In her first film since facing motherhood, the luminous star brings her maternal instincts to ''The Family Man,'' opposite Nicolas Cage
Those who say Hollywood lacks family values clearly haven’t met Tea Leoni. After the release of the disaster epic Deep Impact in 1998, she embarked on a nearly two-year hiatus to have a baby with husband David Duchovny. Now the 34-year-old actress is returning to the big screen as a New Jersey mother of two in director Brett Ratner’s The Family Man. The what-if comedy-drama (written by David Diamond and David Weissman) finds the onetime sitcom star playing the college sweetheart of a callous Manhattan executive (Nicolas Cage), who awakens on Christmas morning in an alternate dimension where he has married said sweetheart and moved to the burbs.
Right now, preparing to dodge dinosaurs on the Los Angeles set of Jurassic Park III, Leoni is back to playing mom for real. In fact, the actress is so at home goofing around with 18-month-old daughter Madelaine in her trailer/playpen that she doesn’t even need a question to start the interview.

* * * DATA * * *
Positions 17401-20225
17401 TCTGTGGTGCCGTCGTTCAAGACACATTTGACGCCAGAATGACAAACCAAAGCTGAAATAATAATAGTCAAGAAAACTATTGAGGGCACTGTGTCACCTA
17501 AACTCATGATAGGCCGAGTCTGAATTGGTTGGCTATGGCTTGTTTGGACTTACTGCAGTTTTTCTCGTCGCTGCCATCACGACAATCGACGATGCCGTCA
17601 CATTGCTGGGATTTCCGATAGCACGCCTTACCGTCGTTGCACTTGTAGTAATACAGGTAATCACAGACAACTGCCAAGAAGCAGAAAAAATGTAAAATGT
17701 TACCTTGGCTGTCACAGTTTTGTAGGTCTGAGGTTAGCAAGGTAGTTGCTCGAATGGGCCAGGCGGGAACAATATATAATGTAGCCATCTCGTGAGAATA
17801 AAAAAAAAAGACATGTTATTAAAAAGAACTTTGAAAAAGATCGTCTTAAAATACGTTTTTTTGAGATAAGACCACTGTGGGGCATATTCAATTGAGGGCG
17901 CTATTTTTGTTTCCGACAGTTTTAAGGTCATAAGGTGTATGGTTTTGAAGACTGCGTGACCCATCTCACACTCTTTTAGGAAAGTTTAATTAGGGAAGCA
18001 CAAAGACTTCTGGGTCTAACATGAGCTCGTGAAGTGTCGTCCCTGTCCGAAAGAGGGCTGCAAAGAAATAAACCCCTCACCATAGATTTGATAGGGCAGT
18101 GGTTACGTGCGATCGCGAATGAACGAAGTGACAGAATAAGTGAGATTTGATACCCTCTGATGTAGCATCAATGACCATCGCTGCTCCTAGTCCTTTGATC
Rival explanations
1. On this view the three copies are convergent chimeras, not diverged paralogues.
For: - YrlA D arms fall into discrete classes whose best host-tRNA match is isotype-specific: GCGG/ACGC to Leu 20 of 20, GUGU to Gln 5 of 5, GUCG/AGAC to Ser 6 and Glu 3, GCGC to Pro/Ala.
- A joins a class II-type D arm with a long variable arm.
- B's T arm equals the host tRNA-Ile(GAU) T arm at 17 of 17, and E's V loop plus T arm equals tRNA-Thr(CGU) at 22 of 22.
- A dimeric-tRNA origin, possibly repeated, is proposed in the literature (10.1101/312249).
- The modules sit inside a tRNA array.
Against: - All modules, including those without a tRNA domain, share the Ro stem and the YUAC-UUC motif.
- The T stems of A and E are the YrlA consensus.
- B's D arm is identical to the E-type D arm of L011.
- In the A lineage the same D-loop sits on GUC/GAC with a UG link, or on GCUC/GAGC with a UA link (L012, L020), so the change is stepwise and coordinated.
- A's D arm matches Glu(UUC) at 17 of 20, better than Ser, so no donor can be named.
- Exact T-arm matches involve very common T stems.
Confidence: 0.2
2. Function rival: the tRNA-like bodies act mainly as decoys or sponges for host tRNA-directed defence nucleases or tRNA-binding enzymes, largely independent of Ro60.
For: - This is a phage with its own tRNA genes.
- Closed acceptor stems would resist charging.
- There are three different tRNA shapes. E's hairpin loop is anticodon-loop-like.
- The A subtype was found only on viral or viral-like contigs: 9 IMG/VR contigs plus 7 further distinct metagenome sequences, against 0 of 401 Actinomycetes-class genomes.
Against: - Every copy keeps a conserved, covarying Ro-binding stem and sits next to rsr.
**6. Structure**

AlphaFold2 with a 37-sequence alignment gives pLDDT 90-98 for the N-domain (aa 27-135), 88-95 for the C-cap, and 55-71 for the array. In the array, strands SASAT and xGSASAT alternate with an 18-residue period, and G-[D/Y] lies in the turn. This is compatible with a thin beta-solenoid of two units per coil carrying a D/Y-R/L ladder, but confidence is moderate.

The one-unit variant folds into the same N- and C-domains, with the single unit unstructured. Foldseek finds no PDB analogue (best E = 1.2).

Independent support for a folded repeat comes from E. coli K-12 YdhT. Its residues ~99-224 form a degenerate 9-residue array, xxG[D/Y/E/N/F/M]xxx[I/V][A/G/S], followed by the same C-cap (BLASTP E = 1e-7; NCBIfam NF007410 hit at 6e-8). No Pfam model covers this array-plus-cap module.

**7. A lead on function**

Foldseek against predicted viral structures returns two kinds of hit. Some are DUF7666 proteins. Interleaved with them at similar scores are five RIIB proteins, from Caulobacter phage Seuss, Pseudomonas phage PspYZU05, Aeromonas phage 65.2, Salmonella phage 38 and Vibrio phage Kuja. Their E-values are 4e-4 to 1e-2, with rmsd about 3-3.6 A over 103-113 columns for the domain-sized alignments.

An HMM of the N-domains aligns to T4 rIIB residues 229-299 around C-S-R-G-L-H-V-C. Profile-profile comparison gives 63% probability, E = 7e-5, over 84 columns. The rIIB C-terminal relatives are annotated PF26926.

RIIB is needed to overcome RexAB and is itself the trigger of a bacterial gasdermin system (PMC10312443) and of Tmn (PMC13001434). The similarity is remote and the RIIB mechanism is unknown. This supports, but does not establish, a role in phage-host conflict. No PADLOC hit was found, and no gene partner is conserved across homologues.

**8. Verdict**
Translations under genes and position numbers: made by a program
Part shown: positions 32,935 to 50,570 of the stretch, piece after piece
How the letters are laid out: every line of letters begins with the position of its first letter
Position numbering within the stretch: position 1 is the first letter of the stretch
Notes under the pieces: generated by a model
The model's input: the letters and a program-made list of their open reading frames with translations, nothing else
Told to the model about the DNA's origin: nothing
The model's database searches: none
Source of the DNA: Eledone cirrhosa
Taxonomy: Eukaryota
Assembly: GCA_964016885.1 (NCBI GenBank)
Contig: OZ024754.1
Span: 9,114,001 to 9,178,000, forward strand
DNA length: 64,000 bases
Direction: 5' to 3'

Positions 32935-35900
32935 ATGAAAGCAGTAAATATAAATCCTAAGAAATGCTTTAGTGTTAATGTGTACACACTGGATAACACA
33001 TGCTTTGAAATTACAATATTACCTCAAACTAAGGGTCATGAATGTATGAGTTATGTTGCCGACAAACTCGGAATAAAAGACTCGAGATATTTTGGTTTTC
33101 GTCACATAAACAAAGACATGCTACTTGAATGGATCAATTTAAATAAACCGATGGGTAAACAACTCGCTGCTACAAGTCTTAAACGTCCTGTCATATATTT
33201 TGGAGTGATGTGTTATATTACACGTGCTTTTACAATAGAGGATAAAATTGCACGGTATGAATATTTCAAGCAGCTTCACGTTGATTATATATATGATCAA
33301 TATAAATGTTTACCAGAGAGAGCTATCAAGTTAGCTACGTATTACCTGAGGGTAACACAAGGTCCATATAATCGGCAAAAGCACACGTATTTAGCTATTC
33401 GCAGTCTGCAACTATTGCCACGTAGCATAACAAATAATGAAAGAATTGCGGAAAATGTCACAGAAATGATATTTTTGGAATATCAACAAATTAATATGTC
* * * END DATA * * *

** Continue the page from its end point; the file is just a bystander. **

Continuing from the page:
TEA LEONI: So, I’ve decided I like irony.
ENTERTAINMENT WEEKLY: I’m sorry?
I was thinking that I’d love to see a couple of these Jurassic Park chase sequences [scored] to the Partridge Family’s ”I Woke Up in Love This Morning.” I guess because it turns it into more of an amorous dinosaur attack.
So it’s an all-they-need-is-love kind of thing?
Yeah! It’s just a big misunderstanding. They woke up in love, and with their size and sexuality they have physical problems expressing it. There’s no outlet for their love. It’s a sexual challenge, really. And that’s the reason for our fear and screaming when we’re running away from them.
Your executive producer Steven Spielberg will be fascinated to hear this.
[Laughs] Look, these are my lines today [flips through script]. Well, um, I don’t have any.
Well, there’s running and screaming. But no lines. I’m beginning to wonder if when I return to films with lots of dialogue I’ll be out of practice.
So what do you actually see while you’re screaming? Hand puppets?
Occasionally a big hairy grip holding on to a something-asaur or a whatever-adon. That is some of the funniest footage I’ve ever seen in my life. And you throw in the Partridge Family and… magic.